• Plan your food shopping and meals for the week, it’s likely to reduce the hangry impulse buys in Sainsburys post-work!
  • Download food sharing apps such as Karma or Olio, an inspirational and quite frankly incredible technology tool.  Going on holiday for two weeks and have loads of extra but perfectly fine produce? Upload it onto the app and share and it may just find itself a new home that isn’t the rubbish bin! This also donates to incredible charities like FoodCycle that collect surplus food and turns it into community meals. This is having a tangible impact on our society, in 2017 alone they saved nearly 100 tonnes of food waste by serving a record of over 67,000 meals to FoodCycle guests. You can also take a look at Too Good To Go which has a mission to rescue delicious food at great prices from your favourite local restaurants/cafes; think sushi and salad boxes for a fraction of the cost all in the name of saving unneccsary waste!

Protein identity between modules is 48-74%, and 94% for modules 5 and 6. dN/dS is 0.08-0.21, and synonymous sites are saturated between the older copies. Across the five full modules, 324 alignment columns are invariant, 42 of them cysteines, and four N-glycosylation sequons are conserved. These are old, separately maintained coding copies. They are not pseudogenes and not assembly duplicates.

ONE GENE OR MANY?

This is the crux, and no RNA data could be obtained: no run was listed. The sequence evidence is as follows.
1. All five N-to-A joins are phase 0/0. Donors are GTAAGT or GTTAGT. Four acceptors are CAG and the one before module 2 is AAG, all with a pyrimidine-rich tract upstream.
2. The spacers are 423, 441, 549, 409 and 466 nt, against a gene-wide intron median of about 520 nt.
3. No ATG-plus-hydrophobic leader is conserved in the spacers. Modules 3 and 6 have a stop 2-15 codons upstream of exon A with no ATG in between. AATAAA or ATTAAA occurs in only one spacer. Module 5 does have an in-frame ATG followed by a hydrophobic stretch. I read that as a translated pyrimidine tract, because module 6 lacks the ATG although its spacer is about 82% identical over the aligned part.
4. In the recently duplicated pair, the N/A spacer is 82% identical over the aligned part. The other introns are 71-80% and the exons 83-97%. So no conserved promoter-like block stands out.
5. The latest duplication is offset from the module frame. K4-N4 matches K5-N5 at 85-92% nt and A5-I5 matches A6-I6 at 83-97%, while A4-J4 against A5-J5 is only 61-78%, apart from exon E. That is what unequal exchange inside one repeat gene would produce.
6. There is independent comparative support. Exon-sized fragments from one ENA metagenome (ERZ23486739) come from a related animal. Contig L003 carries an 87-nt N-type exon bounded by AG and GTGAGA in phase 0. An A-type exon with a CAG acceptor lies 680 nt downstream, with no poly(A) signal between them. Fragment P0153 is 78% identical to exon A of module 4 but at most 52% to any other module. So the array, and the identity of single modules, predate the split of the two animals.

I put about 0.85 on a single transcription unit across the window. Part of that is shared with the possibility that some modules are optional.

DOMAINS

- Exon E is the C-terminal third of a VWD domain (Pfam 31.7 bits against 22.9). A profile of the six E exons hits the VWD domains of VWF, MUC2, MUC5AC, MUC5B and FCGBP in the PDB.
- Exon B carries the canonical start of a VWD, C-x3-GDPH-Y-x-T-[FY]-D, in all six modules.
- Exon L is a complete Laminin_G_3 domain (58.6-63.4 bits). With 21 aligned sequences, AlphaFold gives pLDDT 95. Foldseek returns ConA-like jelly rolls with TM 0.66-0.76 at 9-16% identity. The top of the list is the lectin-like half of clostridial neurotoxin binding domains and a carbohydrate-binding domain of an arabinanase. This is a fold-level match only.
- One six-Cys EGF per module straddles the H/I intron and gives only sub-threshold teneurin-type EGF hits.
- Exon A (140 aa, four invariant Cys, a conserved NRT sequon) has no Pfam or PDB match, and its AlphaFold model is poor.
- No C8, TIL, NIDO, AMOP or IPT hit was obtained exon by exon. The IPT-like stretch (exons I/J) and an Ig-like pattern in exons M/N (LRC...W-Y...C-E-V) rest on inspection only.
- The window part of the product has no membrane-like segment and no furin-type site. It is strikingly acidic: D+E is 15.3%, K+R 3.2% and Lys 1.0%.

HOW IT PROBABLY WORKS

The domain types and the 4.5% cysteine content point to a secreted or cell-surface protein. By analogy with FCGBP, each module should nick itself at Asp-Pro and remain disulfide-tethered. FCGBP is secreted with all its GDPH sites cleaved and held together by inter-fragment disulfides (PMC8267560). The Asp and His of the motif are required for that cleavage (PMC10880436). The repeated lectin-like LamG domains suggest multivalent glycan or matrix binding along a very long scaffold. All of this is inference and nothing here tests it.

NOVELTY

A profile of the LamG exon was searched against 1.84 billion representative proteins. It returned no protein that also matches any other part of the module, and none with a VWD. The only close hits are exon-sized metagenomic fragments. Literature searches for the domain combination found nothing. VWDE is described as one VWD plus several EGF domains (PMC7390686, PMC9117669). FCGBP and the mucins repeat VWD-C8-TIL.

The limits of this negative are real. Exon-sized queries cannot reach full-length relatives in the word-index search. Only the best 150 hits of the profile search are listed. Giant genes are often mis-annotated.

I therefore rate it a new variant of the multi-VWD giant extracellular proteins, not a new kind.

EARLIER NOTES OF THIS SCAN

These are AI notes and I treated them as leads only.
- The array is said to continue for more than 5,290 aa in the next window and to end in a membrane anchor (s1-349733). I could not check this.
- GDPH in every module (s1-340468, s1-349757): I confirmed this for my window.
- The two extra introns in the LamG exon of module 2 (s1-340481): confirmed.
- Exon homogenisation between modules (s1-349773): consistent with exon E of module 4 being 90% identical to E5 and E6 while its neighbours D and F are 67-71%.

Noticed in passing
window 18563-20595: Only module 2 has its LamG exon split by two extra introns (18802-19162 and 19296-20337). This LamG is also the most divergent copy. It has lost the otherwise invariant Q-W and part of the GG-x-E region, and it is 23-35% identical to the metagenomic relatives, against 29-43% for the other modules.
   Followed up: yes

• Store your food in the correct way including containers and zip lock bags to pro long their shelf life. This is also applicable to fresh produce which you can separate as some items contain something called ‘ethylene gas’ which promotes fast ripening so avoid putting these with other items. High ethylene produce include bananas, avocadoes, tomatoes, peaches and pears.
  • Invest in a compost bin to contribute to your garden to cultivate whatever flora and fauna may be growing in your back garden!
  • If you’re full to the brim at a delicious restaurant, don’t feel too proud to ask to take it away and syphon it into the freezer/give it to someone who appears like they are in need of a hot meal.

I’ll leave you with some light hearted content from comedian John Oliver on the topic of Food Waste:

Campaigner and author Tristan Stewart has also published an informative book called ‘Waste: Uncovering the Global Food Scandal’ should you wish to avail yourself upon the intricacies of this topic further.